verb (used without object)
Origin of smirk
Examples from the Web for smirking
A smirking Ramone is shown wearing both a CBGB shirt and heavy gold chains, posing next to an enormous boombox.‘All Good Cretins Go to Heaven’: Dee Dee Ramone’s Twisted Punk Paintings|Melissa Leon|December 15, 2014|DAILY BEAST
Yet, after months of backdoor negotiations there was Xi, stone-facedly shaking hands with a smirking Abe.
He told me to enter while smirking, knowing full well my intentions.Cocaine, Politicians and Wives: Inside the World’s Most Bizarre Prison|Jason Batansky|October 12, 2014|DAILY BEAST
No character this year is more volatile and unpredictable; you never know what the hunched-over, smirking Quell will do next.The Daily Beast’s Oscar Nominees: Leonardo DiCaprio, Anne Hathaway & More|Marlow Stern|January 4, 2013|DAILY BEAST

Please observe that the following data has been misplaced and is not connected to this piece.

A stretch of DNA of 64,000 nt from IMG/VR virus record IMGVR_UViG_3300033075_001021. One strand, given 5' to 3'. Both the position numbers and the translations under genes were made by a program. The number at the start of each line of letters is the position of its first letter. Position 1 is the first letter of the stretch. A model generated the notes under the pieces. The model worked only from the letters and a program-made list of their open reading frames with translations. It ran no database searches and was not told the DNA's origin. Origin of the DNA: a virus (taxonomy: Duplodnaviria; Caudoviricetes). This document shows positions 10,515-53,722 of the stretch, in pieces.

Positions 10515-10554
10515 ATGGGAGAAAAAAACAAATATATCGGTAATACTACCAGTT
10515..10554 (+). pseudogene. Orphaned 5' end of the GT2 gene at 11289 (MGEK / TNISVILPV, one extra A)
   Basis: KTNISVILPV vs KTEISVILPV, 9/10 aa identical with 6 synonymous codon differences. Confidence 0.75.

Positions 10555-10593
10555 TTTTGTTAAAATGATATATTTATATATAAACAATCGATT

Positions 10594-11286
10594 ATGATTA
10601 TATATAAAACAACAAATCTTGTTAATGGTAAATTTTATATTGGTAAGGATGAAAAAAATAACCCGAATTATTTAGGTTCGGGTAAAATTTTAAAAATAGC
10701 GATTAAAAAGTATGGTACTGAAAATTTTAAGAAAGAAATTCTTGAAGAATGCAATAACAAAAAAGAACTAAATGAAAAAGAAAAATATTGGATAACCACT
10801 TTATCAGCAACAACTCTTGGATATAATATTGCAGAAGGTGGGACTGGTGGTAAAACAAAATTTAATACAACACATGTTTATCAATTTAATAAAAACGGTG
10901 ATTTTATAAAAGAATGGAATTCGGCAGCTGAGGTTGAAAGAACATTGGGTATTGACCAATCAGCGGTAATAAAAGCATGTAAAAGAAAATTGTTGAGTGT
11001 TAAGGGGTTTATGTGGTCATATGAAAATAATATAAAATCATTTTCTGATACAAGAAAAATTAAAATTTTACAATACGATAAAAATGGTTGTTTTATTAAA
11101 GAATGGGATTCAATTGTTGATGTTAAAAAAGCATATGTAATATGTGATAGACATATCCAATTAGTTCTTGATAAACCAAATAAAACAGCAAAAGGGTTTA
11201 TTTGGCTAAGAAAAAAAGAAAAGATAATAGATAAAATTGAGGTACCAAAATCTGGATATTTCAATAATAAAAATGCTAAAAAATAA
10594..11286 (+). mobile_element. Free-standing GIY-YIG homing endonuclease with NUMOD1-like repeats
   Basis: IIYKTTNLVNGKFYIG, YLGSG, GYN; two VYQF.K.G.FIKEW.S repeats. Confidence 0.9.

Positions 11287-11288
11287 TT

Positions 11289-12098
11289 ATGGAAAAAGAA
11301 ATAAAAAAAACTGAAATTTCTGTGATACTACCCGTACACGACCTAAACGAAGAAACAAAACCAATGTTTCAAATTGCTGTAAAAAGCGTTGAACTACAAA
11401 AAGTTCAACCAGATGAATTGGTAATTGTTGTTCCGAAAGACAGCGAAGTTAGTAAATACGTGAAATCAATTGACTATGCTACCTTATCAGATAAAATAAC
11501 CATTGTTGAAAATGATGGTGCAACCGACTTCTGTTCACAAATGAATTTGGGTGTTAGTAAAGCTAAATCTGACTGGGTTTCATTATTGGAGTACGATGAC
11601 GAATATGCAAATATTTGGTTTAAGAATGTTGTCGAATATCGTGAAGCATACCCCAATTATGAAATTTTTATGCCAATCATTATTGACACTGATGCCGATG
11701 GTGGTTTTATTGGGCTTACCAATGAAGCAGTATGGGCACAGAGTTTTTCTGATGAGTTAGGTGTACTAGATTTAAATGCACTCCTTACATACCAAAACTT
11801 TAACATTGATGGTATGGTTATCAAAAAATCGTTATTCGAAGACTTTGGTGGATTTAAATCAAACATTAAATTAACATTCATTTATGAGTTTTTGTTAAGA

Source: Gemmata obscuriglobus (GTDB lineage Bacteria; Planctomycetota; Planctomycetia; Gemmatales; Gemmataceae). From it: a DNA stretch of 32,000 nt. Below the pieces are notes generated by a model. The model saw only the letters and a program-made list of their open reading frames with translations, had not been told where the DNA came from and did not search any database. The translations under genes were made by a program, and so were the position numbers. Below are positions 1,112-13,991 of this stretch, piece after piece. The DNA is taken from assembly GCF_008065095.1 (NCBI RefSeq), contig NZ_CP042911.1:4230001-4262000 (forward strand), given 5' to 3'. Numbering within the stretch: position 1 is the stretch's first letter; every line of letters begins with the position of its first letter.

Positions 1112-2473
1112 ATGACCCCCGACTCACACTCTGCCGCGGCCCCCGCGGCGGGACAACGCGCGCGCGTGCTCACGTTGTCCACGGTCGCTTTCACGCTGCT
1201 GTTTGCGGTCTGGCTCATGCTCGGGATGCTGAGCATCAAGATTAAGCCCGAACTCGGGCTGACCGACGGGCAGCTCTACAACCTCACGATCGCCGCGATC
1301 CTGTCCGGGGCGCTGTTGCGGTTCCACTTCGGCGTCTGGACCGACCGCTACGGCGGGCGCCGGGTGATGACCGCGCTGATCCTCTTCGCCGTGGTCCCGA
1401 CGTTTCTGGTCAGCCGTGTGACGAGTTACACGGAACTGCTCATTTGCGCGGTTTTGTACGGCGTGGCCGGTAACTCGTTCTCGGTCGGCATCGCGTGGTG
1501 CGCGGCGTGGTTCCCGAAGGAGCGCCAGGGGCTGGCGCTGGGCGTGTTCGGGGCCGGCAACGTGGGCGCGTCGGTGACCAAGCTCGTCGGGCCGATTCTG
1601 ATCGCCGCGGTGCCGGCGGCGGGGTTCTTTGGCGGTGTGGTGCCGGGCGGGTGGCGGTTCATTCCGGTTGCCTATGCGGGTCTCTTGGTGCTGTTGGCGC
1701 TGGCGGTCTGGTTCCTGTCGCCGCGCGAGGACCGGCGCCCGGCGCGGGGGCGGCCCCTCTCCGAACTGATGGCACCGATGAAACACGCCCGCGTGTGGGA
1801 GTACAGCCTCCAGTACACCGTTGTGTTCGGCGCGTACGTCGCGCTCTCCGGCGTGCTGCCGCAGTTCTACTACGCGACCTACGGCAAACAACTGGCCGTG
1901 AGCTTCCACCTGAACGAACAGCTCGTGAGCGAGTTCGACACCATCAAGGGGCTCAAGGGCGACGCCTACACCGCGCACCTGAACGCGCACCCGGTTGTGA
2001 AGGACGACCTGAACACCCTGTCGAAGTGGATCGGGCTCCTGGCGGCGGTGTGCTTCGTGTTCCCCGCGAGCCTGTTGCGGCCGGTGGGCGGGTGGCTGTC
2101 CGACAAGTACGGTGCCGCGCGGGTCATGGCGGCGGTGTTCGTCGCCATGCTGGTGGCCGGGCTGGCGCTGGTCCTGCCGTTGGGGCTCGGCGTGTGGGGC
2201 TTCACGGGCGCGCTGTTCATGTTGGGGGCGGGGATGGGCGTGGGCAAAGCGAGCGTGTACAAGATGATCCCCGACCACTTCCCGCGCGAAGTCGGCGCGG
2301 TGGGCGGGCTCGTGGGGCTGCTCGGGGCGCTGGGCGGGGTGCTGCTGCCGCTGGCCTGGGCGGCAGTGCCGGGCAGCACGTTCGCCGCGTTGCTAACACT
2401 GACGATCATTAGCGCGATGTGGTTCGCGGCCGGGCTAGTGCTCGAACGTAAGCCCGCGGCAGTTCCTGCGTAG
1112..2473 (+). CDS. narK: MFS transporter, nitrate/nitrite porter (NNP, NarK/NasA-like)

Maria is the first “political criminal” in the family, she says, smirking between puffs of her cigarette.
Evidently he believed himself irresistible, and his smirking, posing, and ogling were ludicrous to the last degree.Brave Tom|Edward S. Ellis
I name the hour and she is there to receive me—smirking, blind, deaf and dumb.Secret Memoirs: The Story of Louise, Crown Princess|Henry W. Fischer
A smirking calm seemed to have come over him, as if he were at last sure of his possession.The Song of Songs|Hermann Sudermann
There, bobbing her head and smirking mechanically, stood that loathsome creature, Old Meg.The Master Mystery|Arthur B. Reeve and John W. Grey
A smirking smile took the place of the frown and he advanced with outstretched hand.The Ranger Boys Outwit the Timber Thieves|Claude A. Labelle
Word Origin for smirk
Old English smearcian "to smile." No exact cognates in other languages, but probably related to smerian "to laugh at, scorn," from Proto-Germanic *smer-, *smar-, variant of PIE *smei- "to smile;" see smile (v.), which after c.1500 gradually restricted smirk to the unpleasant sense "smile affectedly; grin in a malicious or smug way." In some 18c. glossaries smirk is still simply "to smile." Related: Smirked; smirking. The noun is recorded by 1560s.
1550s, from smirk (v.).